When it comes to surfer-friendly beach towns, Carolina Beach has a long history of welcoming wave-riders. While it’s hard to pinpoint the exact moment when the first board met the Carolina Beach surf, wave-riders were occasionally spotted as early as the 1920s.  Scholars believe that they may have been inspired by magazine articles and surf newsreels featuring Hawaiian surfers. According to oral history accounts archived by the Federal Point History Center, local surfers often crafted their own wood-plank surfboards (sometimes even using ironing boards).   

CB Surfing Blog Image

Carolina Beach lifeguards (Hannah Block, far left)
Photo courtesy of Cape Fear Museum of History and Science

Joseph “Skipper” Funderburg, a local surf historian, author and pioneer surfer, said by 1939 lifeguards at Carolina Beach were using long and hollow wooden rescue boards that were purchased and provided by the American Red Cross. Community leader Hannah Block, a Red Cross volunteer and Carolina Beach lifeguard, was the first female head lifeguard on North Carolina’s coast. To this day, ocean safety remains a top priority for Carolina Beach, which is a USLA Advanced Certified Beach with USLA-trained lifeguards on duty between Memorial Day and Labor Day.

In his book Surfing on the Cape Fear Coast, Funderburg details Carolina Beach milestones which include the formation of East Coast Surfboards, the state’s first surf shop, which was founded in 1964 by board makers Harold Petty and Lank Lancaster. In 1965, Atlantic Surf Shop opened in nearby Kure Beach. Two surf clubs—South Island Surf Club and Mid Atlantic Surf Club—formed on the island during the early 1960s. In 1966, Funderburg won First Place during the South Atlantic Surfing Championship’s first competition in Carolina Beach. Other contestants included East Coast Surfing Hall of Fame 2004 inductee local surfer Bill Curry.


According to Funderburg, the real glory days for local surfers were from 1960 to 1965 when pioneer surfers like Rodney Everhart, Susan Efird, brothers Jeff and Jimmy Allen rode their longboards on Carolina Beach waves every surf-worthy day. As popularity for the sport grew, the Eastern Surfing Association (ESA) was founded in 1967. By the 1970s, the ESA’s East Coast Surfing Championships added a women’s division whose competitors included Carolina Beach surfers Brooks Pearce, Bette Marsh, Brenda Seitter, Amelia Valley, and Toni Bryant, a N.C. Surfing Hall of Fame 2021 inductee.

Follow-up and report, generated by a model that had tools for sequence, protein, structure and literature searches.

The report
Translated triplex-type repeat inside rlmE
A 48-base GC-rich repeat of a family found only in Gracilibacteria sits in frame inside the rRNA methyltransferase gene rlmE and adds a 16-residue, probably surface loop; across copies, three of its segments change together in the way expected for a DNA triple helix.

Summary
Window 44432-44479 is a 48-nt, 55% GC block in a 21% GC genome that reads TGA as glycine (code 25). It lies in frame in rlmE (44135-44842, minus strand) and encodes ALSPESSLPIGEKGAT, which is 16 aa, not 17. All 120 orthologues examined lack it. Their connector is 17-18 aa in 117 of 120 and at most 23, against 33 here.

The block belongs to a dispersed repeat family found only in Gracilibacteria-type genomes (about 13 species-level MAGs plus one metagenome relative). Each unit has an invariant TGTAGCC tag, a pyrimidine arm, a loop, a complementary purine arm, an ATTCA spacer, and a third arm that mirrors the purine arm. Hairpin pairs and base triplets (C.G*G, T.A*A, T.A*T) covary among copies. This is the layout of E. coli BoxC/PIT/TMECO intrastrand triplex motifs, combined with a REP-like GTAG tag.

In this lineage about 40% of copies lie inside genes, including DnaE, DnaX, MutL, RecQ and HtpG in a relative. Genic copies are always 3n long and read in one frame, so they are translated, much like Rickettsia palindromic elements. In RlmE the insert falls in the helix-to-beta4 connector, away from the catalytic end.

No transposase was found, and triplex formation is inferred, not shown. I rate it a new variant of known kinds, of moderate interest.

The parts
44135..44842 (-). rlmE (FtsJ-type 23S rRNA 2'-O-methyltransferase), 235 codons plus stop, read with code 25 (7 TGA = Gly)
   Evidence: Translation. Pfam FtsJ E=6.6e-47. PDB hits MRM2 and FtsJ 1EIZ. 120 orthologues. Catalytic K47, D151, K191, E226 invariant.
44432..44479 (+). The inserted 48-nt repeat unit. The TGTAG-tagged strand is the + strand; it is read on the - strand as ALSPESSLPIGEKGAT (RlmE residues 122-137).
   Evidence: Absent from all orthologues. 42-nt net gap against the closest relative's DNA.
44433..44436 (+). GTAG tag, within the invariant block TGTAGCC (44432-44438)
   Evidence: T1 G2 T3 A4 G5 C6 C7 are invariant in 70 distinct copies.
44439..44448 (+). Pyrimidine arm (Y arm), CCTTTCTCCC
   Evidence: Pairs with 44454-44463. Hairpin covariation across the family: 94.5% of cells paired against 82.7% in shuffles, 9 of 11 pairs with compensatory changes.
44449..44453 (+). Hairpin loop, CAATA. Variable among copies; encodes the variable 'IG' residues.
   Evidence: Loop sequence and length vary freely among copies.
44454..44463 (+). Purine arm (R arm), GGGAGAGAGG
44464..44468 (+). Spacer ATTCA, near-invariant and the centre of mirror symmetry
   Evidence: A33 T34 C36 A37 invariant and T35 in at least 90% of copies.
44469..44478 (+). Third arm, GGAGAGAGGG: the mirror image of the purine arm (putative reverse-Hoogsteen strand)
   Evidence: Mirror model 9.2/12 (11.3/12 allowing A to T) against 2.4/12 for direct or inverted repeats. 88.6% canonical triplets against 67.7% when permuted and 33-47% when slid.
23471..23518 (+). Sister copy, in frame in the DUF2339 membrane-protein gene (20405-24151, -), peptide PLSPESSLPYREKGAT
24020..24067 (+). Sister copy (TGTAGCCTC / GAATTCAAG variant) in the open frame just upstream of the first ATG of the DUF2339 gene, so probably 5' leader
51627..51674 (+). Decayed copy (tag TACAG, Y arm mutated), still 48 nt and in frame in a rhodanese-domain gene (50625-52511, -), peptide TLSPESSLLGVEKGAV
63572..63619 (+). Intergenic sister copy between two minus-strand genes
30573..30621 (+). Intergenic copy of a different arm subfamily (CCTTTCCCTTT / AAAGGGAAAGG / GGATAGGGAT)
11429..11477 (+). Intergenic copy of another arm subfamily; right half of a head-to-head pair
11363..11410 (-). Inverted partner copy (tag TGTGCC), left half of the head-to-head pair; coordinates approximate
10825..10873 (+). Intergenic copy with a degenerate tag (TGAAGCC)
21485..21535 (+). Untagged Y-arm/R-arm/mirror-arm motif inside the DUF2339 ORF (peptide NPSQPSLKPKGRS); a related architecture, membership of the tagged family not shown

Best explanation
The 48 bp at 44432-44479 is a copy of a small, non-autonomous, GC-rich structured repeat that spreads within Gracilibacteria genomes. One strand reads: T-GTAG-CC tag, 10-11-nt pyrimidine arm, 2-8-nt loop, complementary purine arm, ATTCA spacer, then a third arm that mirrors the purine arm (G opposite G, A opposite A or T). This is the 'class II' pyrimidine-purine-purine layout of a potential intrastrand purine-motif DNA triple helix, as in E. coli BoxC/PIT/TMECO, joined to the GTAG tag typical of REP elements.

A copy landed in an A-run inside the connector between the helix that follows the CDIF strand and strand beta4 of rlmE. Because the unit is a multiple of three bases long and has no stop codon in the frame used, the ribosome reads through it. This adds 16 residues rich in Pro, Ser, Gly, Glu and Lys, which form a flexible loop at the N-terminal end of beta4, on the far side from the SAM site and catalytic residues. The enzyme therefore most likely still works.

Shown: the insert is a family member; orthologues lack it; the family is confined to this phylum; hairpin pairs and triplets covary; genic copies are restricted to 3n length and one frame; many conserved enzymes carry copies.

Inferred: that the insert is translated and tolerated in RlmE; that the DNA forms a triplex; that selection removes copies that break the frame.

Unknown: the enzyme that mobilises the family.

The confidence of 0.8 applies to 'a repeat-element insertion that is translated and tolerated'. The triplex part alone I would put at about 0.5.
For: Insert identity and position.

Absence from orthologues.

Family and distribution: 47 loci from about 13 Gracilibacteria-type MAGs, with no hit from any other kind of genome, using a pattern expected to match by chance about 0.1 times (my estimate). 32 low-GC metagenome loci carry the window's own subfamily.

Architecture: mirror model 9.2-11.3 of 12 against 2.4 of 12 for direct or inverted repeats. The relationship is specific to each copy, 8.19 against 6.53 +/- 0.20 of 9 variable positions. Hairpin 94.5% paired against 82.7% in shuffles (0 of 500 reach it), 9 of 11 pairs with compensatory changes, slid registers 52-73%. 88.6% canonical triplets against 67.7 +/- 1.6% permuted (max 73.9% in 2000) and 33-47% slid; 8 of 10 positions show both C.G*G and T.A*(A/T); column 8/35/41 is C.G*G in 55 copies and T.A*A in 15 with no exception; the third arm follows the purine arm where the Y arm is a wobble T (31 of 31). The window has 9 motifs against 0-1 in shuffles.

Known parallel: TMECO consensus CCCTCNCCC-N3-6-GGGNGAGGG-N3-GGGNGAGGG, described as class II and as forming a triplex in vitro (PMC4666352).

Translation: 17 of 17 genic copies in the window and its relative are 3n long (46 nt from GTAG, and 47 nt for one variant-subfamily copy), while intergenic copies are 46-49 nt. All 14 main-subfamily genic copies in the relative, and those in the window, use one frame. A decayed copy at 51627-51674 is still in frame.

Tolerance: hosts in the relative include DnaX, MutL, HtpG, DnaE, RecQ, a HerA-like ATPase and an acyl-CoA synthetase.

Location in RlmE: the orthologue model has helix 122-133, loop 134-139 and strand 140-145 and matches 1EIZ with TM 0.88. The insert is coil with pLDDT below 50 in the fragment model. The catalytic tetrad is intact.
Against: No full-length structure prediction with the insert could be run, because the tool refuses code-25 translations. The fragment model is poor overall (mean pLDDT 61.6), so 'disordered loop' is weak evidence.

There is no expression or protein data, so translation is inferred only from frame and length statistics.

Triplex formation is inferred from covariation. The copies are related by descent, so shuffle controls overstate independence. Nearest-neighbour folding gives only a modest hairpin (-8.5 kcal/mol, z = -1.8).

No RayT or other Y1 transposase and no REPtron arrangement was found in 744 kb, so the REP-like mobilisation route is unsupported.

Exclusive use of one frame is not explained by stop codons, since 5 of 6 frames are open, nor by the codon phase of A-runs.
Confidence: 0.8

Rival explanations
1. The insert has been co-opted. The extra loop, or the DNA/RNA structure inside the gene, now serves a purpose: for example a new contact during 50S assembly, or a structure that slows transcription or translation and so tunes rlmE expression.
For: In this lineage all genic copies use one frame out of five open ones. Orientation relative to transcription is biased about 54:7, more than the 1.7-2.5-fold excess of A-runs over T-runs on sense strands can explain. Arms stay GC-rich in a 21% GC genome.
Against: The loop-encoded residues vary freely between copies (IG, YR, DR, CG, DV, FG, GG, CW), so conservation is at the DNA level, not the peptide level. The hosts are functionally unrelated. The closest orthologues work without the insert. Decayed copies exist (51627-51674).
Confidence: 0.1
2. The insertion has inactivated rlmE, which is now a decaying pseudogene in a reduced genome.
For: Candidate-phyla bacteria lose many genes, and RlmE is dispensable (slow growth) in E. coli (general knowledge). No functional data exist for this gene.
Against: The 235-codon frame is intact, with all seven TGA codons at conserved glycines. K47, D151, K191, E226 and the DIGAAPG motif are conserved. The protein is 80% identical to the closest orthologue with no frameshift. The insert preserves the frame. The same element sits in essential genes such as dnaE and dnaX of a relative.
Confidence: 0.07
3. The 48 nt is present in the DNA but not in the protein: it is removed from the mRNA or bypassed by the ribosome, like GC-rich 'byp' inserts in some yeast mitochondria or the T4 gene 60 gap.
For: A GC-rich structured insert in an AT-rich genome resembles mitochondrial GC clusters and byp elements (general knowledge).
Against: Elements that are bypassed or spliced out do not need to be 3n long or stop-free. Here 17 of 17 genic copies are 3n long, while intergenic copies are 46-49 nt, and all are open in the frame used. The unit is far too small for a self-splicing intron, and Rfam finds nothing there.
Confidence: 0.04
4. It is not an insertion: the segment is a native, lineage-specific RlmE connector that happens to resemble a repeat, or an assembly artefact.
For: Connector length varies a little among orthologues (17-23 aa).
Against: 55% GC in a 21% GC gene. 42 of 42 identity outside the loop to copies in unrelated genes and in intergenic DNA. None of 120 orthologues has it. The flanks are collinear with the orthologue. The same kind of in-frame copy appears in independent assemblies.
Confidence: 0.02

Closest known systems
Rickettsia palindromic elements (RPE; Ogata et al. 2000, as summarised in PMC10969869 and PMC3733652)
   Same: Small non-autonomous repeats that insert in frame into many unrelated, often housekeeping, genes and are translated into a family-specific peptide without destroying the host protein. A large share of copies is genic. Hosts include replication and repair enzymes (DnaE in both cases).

Today the Carolina Dreamin’ mural near the Boardwalk at 7 Harper Ave. pays homage to the sport and welcomes surfers to the island. One could say that a surfing renaissance has taken place in recent years with more surf shops, surf schools, gear rental businesses, and competitions than ever before. There’s even a live surf cam at the Hamlet Avenue surf break!


Carolina Beach is home to contemporary pro-longboard surfers Tony Silvagni (World Surf League) and rising NSSA star Mack Landry. When he’s not traversing the world to compete in surfing contests, USA surf team gold medalist Tony Silvagni owns Tony Silvagni Surf School and organizes charity surf contests in Carolina Beach. Consistently ranked among the world’s top longboard surfers, Tony gets as much stoke from teaching kids and adults to surf as he does winning heats. In 2015, he founded the Carolina Beach Longboard Club to promote longboard in the community by showcasing the sport in a positive manner.


Kevin Murphy, another Carolina Beach star waterman, is a surfer and educator whose heart is as big as the ocean. He founded Odysea Surf School with the goal of teaching surfing lessons in a positive learning environment. Odysea’s surf instructors also volunteer with Ocean Cure, a 501c3 non-profit organization (also founded by Murphy) that provides free surf lessons to medically challenged and at-risk youth and adults. During the summer Ocean Cure operates several charity surf camps and installs/maintains the accessible beach mat near the Carolina Beach Boardwalk. In July, Ocean Cure hosts Life Rolls On: They Will Surf Again, an adaptive surf event.


*Special thanks to surf historian/author Joseph “Skipper” Funderburg for his research and to Cape Fear Museum for images.